Friday, August 25, 2006


When I first came to Japan, I had just come from perhaps the most litigious nation on earth, where people are sued for icy sidewalks and for causing injury to burglars of their houses; where litigants win many millions for spilling hot coffee in their own laps, and where when I became a driver I was advised by those in the know that, in the event of an accident I should never apologize, for that would be interpreted in court as an admission of fault and I would be all the more liable.

So you can imagine my surprise when, on my way into Tokyo from the airport back in 1972 I was informed that the two men I'd just seen standing by the roadside, bowing to each other in deep formality, had just had an auto accident and were trying to out-apologize each other. I can still see them now, it was that much of a surprise.

From a fellow-boarder in the big old house we lived in then - a young man who was a ronin law student studying completely on his own and taking the bar exam every year - I learned that there were only a few thousand lawyers in Japan, lawsuits being exceedingly rare and in bad taste in a land where businessmen even shunned contracts, since one's word was one's bond; so only about 5% of those taking the bar exam ever passed. Fighting a very uphill battle, my friend failed the test every year, for finally too many years; he eventually gave up and became a night security guard.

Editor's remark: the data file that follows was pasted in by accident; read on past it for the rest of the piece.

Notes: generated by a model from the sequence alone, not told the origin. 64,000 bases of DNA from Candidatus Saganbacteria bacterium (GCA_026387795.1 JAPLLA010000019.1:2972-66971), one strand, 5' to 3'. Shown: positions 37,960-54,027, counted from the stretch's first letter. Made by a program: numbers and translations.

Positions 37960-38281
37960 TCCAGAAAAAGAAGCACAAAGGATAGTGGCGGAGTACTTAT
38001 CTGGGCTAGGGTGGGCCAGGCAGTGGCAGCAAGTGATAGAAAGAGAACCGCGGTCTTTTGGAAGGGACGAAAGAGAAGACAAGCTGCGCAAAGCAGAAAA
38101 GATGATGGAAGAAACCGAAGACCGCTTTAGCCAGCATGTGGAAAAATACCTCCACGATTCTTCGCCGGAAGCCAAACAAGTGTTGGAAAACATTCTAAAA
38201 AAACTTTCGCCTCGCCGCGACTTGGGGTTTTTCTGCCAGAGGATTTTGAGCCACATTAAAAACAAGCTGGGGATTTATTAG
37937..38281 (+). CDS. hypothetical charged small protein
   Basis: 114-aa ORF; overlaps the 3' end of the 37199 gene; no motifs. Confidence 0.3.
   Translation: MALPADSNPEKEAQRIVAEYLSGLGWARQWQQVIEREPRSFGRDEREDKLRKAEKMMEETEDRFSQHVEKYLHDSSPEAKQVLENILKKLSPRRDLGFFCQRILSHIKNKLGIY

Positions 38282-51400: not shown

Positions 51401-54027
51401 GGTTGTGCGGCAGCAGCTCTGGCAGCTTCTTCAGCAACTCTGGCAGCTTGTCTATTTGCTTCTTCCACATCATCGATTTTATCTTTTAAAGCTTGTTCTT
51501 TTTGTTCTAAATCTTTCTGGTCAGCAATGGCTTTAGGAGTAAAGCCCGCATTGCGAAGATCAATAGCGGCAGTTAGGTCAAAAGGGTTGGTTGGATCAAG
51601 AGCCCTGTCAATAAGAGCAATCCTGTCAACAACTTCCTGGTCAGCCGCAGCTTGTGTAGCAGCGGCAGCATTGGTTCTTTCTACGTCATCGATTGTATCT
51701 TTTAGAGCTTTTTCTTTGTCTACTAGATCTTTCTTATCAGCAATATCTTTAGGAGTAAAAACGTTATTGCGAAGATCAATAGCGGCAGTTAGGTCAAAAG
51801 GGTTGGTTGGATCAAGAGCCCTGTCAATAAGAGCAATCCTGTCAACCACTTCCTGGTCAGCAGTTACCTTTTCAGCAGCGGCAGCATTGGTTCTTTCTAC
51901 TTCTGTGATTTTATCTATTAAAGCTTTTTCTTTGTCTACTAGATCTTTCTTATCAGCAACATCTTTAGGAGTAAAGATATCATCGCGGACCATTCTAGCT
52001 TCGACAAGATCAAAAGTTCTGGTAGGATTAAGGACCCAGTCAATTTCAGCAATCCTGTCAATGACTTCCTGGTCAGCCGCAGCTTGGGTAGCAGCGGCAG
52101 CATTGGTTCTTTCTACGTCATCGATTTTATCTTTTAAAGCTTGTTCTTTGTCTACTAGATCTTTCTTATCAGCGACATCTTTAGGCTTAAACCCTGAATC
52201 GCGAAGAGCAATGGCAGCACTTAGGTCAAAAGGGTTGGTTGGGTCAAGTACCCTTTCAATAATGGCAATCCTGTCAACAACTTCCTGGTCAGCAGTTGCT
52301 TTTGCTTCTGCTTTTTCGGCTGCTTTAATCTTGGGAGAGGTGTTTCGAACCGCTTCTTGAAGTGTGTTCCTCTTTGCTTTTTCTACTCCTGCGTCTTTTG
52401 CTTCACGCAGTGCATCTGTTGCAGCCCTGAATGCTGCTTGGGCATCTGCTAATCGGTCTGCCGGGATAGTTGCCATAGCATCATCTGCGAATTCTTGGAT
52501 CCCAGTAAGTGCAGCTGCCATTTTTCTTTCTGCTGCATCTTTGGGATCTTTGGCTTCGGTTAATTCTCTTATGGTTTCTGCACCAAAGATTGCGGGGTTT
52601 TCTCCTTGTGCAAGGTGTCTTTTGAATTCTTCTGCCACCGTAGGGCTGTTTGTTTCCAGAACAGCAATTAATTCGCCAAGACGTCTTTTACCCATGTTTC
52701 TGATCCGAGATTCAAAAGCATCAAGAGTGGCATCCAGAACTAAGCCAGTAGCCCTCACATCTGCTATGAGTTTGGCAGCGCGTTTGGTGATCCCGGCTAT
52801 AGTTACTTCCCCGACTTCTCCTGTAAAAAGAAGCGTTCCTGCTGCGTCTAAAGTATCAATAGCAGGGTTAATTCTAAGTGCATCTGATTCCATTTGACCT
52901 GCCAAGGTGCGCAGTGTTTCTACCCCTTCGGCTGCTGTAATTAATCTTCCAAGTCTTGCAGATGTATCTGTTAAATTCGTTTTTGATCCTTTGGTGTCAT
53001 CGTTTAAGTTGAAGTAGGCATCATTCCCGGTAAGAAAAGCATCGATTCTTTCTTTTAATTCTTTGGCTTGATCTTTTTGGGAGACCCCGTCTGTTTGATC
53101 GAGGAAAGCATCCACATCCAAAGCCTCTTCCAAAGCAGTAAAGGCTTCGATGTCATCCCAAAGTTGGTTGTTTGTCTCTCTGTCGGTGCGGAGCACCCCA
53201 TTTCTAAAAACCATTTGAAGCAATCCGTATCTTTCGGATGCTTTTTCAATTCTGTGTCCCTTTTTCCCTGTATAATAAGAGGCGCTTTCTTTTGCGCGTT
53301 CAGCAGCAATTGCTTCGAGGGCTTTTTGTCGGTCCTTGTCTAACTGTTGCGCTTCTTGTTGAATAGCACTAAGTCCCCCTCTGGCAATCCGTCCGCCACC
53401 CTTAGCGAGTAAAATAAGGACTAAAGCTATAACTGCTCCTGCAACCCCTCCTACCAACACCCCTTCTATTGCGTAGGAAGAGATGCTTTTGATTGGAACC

That was one of my first inklings of how different Japan was. But things have been changing ever since and that includes the legal system, with more and more of the public now taking their cases to the courts, so universities are opening up Law Departments to crank out lawyers to handle the load. Under Japan's legal system reform they're going to introduce juries too(!) which should be interesting, though doubts will remain about Japan's penal justice system and alleged human rights violations...

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